HOW I GOT THE SHOT: Jerusalem's Wohl Rose Garden, opposite the Knesset on Givat Ram, is one of the city's most beautiful parks. At its peak, there are hundreds of flowering rose bushes, beautifully landscaped and identified for the amateur botanists among us. I photographed the park two years ago for a project paying tribute to the donors and I have returned there on occasion to enjoy the peace and tranquility.
As part of my approach to this assignment, I looked for rare flowers as well as examples of unusual lighting and composition that make the flowers look their best. The orange blossoms are from a rose plant known as the Anne Harkness, introduced by English breeders in the 1970s and characterized by apricot-colored petals with shadings of yellow at its base. Soft, diffuse afternoon sunlight gently enlivens the petals while the use of a long telephoto lens compresses the depth – making the background flowers appear closer – while throwing them out of focus just enough to remain identifiable.
The white and pink-flecked rose is fittingly called a Sierra Sunrise. Oddly, I found these roses growing intertwined with an unidentified, small yellow rose. I felt the curious placement of the smaller yellow rose inside this flower resembled an actual rising sun, and until I looked up images on the internet, was sure this is what gave the flower its name. Apparently not, but just the rare and unusual discovery I relish. I visited the park again this week and it is just beginning to bloom, with the flowering peak occurring in late April, May and June.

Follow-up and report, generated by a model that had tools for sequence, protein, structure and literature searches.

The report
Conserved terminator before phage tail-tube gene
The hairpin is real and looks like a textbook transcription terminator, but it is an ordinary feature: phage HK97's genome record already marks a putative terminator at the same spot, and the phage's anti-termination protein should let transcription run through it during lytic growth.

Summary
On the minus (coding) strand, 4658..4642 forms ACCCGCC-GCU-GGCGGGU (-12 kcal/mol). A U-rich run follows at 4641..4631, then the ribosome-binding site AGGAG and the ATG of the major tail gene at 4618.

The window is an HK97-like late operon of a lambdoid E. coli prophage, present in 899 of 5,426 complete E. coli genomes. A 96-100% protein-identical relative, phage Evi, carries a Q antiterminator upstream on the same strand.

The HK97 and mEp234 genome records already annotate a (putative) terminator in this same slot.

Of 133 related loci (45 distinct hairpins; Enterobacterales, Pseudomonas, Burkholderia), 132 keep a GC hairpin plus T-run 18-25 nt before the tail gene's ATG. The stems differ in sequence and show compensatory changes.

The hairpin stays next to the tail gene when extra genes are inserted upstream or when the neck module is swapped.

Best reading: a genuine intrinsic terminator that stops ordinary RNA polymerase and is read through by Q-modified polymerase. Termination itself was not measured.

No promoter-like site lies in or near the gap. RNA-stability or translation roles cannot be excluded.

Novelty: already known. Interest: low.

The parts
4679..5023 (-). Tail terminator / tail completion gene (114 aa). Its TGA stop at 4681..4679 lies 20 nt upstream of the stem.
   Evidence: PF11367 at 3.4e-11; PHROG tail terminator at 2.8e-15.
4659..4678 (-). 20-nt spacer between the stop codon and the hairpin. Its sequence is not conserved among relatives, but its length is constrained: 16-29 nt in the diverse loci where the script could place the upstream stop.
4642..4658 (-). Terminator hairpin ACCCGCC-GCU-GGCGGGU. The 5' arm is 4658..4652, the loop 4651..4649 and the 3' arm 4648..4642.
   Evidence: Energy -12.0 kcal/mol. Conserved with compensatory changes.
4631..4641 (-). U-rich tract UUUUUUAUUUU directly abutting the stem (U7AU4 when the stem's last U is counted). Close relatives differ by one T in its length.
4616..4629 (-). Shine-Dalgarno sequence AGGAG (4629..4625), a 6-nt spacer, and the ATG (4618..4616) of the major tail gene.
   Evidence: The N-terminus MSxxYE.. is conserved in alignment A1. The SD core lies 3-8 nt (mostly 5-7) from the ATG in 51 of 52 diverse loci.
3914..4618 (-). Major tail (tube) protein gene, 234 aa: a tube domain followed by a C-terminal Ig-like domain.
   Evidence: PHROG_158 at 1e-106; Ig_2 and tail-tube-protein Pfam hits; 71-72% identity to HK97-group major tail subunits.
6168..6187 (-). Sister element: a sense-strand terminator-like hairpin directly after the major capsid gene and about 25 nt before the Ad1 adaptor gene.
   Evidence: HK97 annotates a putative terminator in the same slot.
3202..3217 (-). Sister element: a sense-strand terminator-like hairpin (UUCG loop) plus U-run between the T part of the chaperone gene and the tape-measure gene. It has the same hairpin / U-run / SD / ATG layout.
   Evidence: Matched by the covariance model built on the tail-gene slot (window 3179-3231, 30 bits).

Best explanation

Upper: Nikon D300, 70-200mm lens at 135mm, f3.2@ 1/1600 sec., ISO 400.
Lower: Nikon D300, 28-105mm macro lens at 105mm, f5@ 1/1600 sec., ISO 250.